Laura Evans

Associate Professor

Towards an Indigenous Institutionalism:

Laura E. Evans joined the Evans School faculty in 2004. She studies race and politics, Native American politics, federalism, and political institutions in the U.S.

Dr. Evans’ work addresses both historic and continuing obstacles to Native American tribal governments’ exercise of sovereignty and self-determination. She documents how tribes respond to their context in order to dismantle barriers and expand opportunities to self-govern. At present, she is analyzing Native American voters’ political and policy priorities, in collaboration with Gabriel R. Sanchez and Raymond Foxworth. She is examining how tribal governments pursue climate change adaptation and mitigation policies-and the forces that advance or thwart their efforts-in collaboration with Nives Dolšak and Aseem Prakash. Also, she is evaluating how tribal activists’ interactions with the U.S. Congress have evolved since the late 19th century.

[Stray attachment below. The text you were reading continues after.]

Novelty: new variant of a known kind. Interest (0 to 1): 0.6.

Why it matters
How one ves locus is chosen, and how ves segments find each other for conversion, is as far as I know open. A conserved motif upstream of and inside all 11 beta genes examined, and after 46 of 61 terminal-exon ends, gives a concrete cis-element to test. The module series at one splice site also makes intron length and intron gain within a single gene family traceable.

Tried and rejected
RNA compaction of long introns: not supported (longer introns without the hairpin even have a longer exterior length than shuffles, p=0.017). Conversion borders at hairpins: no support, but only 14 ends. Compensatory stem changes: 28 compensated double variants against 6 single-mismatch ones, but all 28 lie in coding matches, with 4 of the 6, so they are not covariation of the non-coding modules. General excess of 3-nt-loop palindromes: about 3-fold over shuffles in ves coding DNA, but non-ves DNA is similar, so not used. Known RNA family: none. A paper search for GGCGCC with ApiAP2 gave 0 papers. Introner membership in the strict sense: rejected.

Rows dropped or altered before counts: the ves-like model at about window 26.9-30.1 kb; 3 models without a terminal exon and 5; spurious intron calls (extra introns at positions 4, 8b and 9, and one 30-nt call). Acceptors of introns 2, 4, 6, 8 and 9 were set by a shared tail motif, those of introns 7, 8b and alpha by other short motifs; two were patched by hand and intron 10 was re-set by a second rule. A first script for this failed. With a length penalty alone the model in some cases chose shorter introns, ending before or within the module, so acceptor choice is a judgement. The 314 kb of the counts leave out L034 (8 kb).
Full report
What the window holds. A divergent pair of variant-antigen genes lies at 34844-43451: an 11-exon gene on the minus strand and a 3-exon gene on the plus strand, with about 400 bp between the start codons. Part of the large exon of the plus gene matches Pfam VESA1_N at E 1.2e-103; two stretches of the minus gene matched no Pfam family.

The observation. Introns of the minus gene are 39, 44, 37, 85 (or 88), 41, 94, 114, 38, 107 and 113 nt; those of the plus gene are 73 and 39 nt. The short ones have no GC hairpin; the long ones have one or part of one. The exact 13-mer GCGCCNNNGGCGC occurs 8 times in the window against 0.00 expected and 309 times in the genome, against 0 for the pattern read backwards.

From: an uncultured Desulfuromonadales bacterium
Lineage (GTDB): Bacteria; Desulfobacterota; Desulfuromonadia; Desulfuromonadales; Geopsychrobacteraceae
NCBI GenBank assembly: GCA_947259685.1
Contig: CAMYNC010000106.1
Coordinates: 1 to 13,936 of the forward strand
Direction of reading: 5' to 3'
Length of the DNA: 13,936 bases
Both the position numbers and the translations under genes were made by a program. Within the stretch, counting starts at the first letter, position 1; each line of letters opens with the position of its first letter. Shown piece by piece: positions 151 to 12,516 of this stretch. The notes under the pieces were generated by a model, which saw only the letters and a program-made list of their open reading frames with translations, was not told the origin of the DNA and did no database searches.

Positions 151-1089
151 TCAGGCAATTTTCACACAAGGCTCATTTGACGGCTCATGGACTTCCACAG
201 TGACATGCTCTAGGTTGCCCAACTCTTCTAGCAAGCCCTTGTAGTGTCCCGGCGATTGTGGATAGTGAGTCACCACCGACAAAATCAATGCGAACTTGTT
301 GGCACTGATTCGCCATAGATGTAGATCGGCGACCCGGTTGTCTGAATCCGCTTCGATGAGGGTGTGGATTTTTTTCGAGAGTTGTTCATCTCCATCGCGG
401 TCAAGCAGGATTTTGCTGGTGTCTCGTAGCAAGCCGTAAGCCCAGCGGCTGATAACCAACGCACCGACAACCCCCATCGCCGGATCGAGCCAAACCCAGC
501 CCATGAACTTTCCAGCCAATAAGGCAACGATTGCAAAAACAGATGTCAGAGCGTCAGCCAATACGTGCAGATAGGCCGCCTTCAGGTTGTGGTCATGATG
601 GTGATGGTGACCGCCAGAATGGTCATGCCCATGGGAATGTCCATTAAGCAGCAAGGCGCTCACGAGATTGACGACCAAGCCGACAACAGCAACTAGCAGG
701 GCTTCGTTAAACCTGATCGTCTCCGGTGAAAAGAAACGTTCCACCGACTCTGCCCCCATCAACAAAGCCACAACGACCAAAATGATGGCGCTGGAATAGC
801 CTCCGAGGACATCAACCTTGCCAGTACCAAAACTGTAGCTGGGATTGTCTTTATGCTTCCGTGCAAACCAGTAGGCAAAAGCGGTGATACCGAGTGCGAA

Dr. Evans explores other dimensions of race and federalism as well. She is writing a book on agenda-setting in suburbs, tentatively titled, Ailing Agendas, Fractured Frames? Understanding the Politics of (In)Equality in America’s Suburbs. She evaluates the frames that suburban officials deploy to justify policies of exclusion, efficiency, or equity.

Dr. Evans’ book, Power from Powerlessness: Tribal Governments, Institutional Niches, and American Federalism (Oxford University Press), examines Native American tribal governments’ relations with states, localities, and the federal government. She wrote the first article on Native American politics ever published in the American Political Science Review, “Expertise and Scale of Conflict: Governments as Advocates in American Indian Politics.”

Dr. Evans was a Robert Wood Johnson Scholar in Health Policy Research at Harvard University and a Brookings Research Fellow at the Brookings Institution. She holds a Ph.D. in Political Science and a M.P.P. from the University of Michigan. She also holds a B.A. in Political Science from the University of California, Berkeley.